Checklist for Evaluating webpages
The greater number of questions that can be answered with a YES, the more likely the site has reliable/accurate content.
- Is it clear what person, organization, or institution is sponsoring the site?
- Are the credentials or qualifications of the individual or organization provided?
- Is contact information given - including name, email, phone number and address?
- Can you verify the legitimacy of the sponsor through printed sources?
- Does the author give his or her purpose for providing the information?
- Does the author have an agenda or bias? (This may be subtle.)
- Does the site blend information with advertising?
- Are editorials or opinion pieces labeled as such?
- Is the intended audience stated?
- Can factual content be verified from another source? Are citations given?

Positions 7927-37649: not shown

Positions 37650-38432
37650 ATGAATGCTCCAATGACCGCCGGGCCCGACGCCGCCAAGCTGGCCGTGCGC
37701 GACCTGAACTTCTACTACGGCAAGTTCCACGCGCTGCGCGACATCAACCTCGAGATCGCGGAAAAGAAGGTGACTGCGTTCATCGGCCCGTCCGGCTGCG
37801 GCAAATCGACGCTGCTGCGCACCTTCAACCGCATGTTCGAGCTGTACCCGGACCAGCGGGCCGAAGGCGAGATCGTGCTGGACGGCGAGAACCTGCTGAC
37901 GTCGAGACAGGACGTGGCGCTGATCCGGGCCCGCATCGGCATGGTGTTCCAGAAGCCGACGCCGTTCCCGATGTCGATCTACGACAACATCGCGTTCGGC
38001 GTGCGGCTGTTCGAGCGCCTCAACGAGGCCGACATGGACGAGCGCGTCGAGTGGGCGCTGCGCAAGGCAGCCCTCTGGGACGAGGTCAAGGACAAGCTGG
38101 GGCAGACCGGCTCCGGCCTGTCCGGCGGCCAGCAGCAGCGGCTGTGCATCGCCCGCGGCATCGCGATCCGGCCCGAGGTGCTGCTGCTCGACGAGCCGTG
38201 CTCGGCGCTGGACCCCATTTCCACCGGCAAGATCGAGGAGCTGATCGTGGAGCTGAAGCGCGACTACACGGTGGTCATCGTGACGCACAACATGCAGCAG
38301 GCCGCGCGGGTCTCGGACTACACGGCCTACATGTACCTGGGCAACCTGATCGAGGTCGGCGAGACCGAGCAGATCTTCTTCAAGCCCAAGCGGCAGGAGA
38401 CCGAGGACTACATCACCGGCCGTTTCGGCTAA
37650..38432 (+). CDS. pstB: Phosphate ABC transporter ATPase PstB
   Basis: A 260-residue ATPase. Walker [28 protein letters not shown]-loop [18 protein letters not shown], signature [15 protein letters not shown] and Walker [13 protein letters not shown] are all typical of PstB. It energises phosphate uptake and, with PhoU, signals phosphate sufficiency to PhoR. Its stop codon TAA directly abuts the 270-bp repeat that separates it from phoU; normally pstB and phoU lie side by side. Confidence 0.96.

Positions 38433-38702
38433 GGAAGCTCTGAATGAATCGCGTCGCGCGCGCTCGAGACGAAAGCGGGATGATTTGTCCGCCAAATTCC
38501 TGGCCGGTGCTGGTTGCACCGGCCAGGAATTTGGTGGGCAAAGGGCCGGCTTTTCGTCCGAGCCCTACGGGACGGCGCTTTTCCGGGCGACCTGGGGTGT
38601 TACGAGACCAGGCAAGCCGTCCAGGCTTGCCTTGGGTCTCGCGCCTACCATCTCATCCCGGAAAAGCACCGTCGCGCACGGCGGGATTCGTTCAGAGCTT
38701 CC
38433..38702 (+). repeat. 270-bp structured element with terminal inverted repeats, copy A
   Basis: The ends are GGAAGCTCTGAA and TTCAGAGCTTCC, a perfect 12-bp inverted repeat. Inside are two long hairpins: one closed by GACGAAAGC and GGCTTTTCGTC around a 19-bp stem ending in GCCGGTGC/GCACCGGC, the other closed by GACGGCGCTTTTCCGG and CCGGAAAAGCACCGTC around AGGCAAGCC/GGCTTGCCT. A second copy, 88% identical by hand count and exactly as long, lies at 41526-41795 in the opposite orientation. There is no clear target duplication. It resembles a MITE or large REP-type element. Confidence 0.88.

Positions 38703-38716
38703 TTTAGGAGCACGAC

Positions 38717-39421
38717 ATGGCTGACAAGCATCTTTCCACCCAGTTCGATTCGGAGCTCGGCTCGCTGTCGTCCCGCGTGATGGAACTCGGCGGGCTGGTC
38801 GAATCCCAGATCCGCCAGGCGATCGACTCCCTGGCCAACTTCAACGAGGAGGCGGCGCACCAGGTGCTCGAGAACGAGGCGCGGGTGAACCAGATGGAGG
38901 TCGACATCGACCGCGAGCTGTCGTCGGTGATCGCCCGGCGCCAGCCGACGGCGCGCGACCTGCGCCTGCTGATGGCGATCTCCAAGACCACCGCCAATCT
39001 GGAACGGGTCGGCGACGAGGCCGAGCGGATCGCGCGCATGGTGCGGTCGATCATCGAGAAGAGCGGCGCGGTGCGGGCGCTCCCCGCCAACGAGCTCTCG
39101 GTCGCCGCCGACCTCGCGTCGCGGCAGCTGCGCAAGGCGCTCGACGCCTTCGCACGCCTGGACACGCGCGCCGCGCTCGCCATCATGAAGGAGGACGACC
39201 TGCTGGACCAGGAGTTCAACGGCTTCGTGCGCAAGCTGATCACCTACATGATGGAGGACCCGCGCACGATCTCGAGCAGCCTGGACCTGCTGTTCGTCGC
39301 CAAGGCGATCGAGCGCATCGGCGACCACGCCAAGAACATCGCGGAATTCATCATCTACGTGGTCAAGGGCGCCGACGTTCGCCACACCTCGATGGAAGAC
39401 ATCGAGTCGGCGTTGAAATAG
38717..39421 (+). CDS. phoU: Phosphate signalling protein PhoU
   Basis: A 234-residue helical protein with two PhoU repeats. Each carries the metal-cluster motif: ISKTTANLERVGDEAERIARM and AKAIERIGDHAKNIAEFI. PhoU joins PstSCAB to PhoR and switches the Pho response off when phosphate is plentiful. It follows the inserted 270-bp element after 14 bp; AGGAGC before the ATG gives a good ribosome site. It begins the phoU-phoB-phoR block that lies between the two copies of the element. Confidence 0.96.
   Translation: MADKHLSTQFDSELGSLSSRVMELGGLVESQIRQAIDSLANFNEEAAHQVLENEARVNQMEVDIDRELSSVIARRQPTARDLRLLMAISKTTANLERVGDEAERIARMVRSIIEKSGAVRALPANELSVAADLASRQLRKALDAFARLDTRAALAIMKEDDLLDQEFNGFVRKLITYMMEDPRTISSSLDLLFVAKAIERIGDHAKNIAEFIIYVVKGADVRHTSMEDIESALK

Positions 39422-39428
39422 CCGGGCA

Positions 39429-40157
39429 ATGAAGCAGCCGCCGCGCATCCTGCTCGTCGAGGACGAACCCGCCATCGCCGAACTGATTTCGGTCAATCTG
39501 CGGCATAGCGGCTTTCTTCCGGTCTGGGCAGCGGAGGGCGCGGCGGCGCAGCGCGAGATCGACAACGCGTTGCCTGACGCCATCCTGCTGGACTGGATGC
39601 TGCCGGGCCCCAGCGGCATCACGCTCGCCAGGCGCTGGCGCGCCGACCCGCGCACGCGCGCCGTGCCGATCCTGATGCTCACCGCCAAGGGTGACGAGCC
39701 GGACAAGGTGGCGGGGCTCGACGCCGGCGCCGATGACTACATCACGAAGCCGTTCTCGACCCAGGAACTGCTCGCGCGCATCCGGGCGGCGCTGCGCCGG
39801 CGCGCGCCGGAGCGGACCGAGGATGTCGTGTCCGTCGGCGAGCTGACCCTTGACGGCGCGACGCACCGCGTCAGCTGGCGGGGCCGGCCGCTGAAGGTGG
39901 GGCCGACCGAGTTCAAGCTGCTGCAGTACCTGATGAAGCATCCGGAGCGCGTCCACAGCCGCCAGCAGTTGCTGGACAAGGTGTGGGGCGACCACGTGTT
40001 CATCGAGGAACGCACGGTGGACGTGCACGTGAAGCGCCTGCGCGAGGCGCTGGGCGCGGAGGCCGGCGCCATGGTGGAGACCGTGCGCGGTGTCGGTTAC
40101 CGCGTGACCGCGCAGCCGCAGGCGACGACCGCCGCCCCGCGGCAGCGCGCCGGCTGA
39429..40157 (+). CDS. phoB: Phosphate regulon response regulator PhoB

- Does the text follow standard rules of grammar and spelling?
- Is there a date of publication or revision? Is it current?
- Are links up-to-date?
- Is it clear what topics the page plans to address?
- Does the page succeed at addressing these topics?
- Has important information been left out?
The Domain name within the website's Uniform Resource Locator (URL) can provide clues to the reliability or possible bias of a website. The URL can be found in the "Address" bar in your browser. The most commonly used domains are:
influence pubic opinion,sell ideas
sell or promote products
provide extremely current information
present factual information
.edu or .gov
For an in-depth look at evaluating internet sources, see: Alexander, Jan and Marsha Tate. Evaluating Web Resources. Available online: http://www.widener.edu/about/campus_resources/wolfgram_library/evaluate
The Desire Project. The Internet Detective an interactive tutorial on evaluating the quality of Internet resources. Available online: http://www.vts.intute.ac.uk/detective/